The Indian Child Welfare Act is meant to ensure that Native children remain with their families and their culture. White people are the very last people who should be considered when a Native child is being adopted. And that’s totally valid. The conversations happening online around this issue are disgusting- much like my initial reaction to learning about ICWA. “Why can’t we adopt them? We could give them more opportunities and a better life!” Here’s the thing, white people: there are plenty of non-Native children who need homes. You can’t adopt Native children, because they are not toy poodles for you to parade around. Removing a Native child from their culture is a blatant act of violence. Remember the American Indian Boarding Schools?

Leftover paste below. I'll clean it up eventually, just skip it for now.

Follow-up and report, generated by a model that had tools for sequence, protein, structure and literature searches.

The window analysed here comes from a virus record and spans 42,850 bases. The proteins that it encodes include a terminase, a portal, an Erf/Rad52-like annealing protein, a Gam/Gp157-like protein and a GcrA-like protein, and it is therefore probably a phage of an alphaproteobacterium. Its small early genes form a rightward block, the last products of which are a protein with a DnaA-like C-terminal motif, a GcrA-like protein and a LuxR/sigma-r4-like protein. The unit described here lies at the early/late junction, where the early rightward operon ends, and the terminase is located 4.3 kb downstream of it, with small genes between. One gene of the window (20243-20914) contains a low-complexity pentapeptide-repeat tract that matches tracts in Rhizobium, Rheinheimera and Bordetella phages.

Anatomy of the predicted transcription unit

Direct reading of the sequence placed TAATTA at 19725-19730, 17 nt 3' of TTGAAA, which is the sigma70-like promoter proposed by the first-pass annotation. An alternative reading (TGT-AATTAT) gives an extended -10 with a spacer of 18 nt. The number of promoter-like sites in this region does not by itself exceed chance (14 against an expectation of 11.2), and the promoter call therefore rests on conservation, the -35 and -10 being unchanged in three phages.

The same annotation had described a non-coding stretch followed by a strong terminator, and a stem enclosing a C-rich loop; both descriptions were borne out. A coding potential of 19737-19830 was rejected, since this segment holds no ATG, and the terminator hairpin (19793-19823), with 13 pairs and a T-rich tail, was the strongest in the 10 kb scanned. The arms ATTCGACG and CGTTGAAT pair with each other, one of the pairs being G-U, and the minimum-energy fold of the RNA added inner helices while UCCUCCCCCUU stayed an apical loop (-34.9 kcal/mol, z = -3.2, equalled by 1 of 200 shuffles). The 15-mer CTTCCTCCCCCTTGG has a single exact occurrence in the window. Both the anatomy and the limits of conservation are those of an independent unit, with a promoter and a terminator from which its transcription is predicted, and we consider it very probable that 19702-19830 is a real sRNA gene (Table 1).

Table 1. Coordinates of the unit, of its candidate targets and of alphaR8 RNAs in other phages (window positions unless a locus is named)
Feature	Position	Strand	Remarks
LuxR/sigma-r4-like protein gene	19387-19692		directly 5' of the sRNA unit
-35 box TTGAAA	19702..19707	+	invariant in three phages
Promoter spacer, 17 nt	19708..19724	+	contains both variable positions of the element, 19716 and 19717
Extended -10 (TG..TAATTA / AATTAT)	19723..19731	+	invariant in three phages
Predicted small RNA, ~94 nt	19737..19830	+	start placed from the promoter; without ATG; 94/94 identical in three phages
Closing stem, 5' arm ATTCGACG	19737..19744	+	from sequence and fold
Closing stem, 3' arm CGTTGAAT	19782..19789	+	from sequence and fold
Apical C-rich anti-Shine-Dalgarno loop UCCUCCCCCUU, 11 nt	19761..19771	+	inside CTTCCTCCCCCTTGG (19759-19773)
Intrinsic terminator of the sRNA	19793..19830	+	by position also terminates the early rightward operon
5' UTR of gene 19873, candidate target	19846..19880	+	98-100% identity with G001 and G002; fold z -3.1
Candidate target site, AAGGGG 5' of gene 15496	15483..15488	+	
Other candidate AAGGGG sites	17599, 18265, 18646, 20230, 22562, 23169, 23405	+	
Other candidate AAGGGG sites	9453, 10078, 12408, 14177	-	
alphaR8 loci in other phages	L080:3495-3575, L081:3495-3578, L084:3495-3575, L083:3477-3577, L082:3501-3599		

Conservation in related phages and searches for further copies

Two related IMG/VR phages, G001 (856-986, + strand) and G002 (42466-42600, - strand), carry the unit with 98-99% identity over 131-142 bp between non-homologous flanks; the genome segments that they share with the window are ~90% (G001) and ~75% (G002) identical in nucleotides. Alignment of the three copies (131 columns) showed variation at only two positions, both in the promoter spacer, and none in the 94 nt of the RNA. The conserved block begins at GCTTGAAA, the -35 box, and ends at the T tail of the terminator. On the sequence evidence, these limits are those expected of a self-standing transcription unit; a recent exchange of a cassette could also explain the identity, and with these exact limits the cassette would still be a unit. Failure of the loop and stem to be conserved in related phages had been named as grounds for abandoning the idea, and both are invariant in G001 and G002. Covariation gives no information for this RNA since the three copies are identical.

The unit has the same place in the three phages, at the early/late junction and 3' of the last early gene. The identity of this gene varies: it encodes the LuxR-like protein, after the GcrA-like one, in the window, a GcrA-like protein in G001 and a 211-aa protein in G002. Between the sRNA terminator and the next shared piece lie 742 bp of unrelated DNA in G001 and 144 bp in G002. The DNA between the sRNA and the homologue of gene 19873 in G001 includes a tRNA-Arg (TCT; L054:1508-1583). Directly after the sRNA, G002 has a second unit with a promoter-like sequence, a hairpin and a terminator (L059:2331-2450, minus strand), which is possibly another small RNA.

But that was a long time ago, right? We don’t do that anymore! Well. It wasn’t that long ago. When white people remove a child from their culture, especially when that culture has been historically, systemically, and continually obliterated by those same white people, violence is continued.  The Indian Child Welfare Act tries to stop that violence. I don’t see how anyone can argue with that. And then the Supreme Court did. Of course they did.